Amid the rapidly changing COVID-19 situation and the declaration of a National Emergency, the public is being asked – and in some cases required – to practice a concept called “social distancing.”
For many, terms such as social distancing are new. COVID-19 response has also led to quarantine and isolation to limit the spread of the virus.
Social distancing is a way to keep people from interacting closely or frequently enough to spread infectious diseases, according to the Substance Abuse and Mental Health Services Administration (SAMHSA).
The feelings and thoughts someone may have during and after social distancing, quarantine, and isolation may differ. But SAMHSA is suggesting ways to care for your behavioral health during this crisis, and also provides resources for additional support.
People react differently to stressful situations and experiences, depending on a variety of factors. SAMHSA warns that the requirements to curb infection association with COVID-19 may make people feel anxious, worried, or fearful, particularly related to:
- Their own health status
- The health of loved ones or friends exposed to the virus
- Time off work, school or social obligations and potential loss of income
- The challenges of securing goods or services they may need, such as groceries or hair appointments
- Concern about the ability to care for others in their family
It is also likely that people will begin to feel angry about the changes in the world or their financial uncertainty. People may also become bored or frustrated because of the necessary lifestyle changes. There may be enhanced loneliness for those in isolation or quarantine, or whose social lives have been severely curtailed.
SAMHSA warns that people may begin to see signs of depression, which includes feelings of hopelessness, changes in appetite, or sleeping patterns. The isolation may also bring a heightened desire to use alcohol or drugs to cope with the situation.
If you or a loved one is experiencing those reactions for 2-to-4 weeks or more, contact a healthcare provider for assistance. If you feel your mental health is at risk at any time, call your healthcare provider.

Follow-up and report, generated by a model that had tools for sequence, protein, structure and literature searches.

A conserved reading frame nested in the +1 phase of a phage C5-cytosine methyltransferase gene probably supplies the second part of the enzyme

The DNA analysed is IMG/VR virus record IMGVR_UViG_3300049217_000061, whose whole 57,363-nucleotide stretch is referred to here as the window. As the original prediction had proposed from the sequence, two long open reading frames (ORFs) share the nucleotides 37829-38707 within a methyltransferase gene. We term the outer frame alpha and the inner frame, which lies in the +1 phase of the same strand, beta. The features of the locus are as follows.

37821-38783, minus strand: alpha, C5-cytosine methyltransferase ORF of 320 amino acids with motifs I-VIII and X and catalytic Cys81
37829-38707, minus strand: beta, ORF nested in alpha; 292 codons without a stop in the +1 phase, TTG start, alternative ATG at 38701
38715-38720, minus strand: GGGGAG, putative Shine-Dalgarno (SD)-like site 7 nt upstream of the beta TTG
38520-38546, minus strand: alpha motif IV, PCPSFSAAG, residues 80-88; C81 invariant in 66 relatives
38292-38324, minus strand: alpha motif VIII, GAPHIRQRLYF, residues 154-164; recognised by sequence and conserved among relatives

There are ways to support yourself during social distancing, quarantine, and isolation, according to SAMHSA.
- Understand the risk: Public perception and news reports about the risk during an infectious disease outbreak may lead to increased anxiety and concern. It’s important to stay up-to-date on the evolving situation, but not to be overwhelmed by it. Relying on credible information sources, such as the Centers for Disease Control, is essential.
- Be your own advocate: Make sure you have what you need to feel safe, secure, and healthy. Work with your community to find out how to arrange for food delivery. Tell your healthcare providers if you need medication and work with them to ensure you have adequate supplies.
- Educate yourself: Ask questions to help reduce your anxiety about the virus. Ask your healthcare provider for written information if that eases your anxiety.
- Take care of work: If you are off work due to the virus or a shelter-in-place edict, work with your employer to be educated about your rights and financial situation. Call the U.S. Department of Labor at 1-866-487-2365 for information about the Family and Medical Leave Act.
- Connect with others: If social distancing is required, use your phone, texting, social media, Skype, or FaceTime to connect with people.
SAMHSA also urges people to use practical ways to cope and relax during the pandemic.
- Relax your body – take deep breaths, stretch, meditate, or pray and engage in activities that you enjoy and which don’t violate social distancing requirements.
- Talk about your feelings and fears with loved ones and friends. Let them share their experiences. Keep a journal if it helps you express your feelings.
- Keep positive. Write down things that make you grateful. Send cheery notes to friends.
Please seek help immediately if you or your loved ones are experiencing symptoms of extreme stress. Symptoms include:
- trouble sleeping
- unusual eating patterns
- using drugs or alcohol to cope
- inability to do your daily routine
Speak to your healthcare provider or call a hotline number listed below.
If you feel as if you want to harm yourself or someone else, call 9-1-1 immediately. You may also call the National Suicide Prevention Lifeline at 1-800-273-TALK or 1-800-273-8255.
There are a number of other resources as well. However, mention of a resource does not imply endorsement by the Center for Mental Health Services, the Substance Abuse and Mental Health Services Administration, the U.S. Department of Health and Human Services, or LVMC.
Other resources include:
- SAMHSA’s Disaster Distress Helpline at 1-800-985-5990 in English and Spanish. Website at www.disasterdistress.samhsa.gov or in Spanish, www.disasterdistress.samhsa.gov/espanol.aspx
- SAMHSA’s National Helpline: 1-800-662-HELP, for treatment referral information in English and Spanish. Website at www.samhsa.gov/find-help/national-help-line
- National Suicide Prevention Lifeline: 1-800-273—8255 or in Spanish, 1-888-628-9454.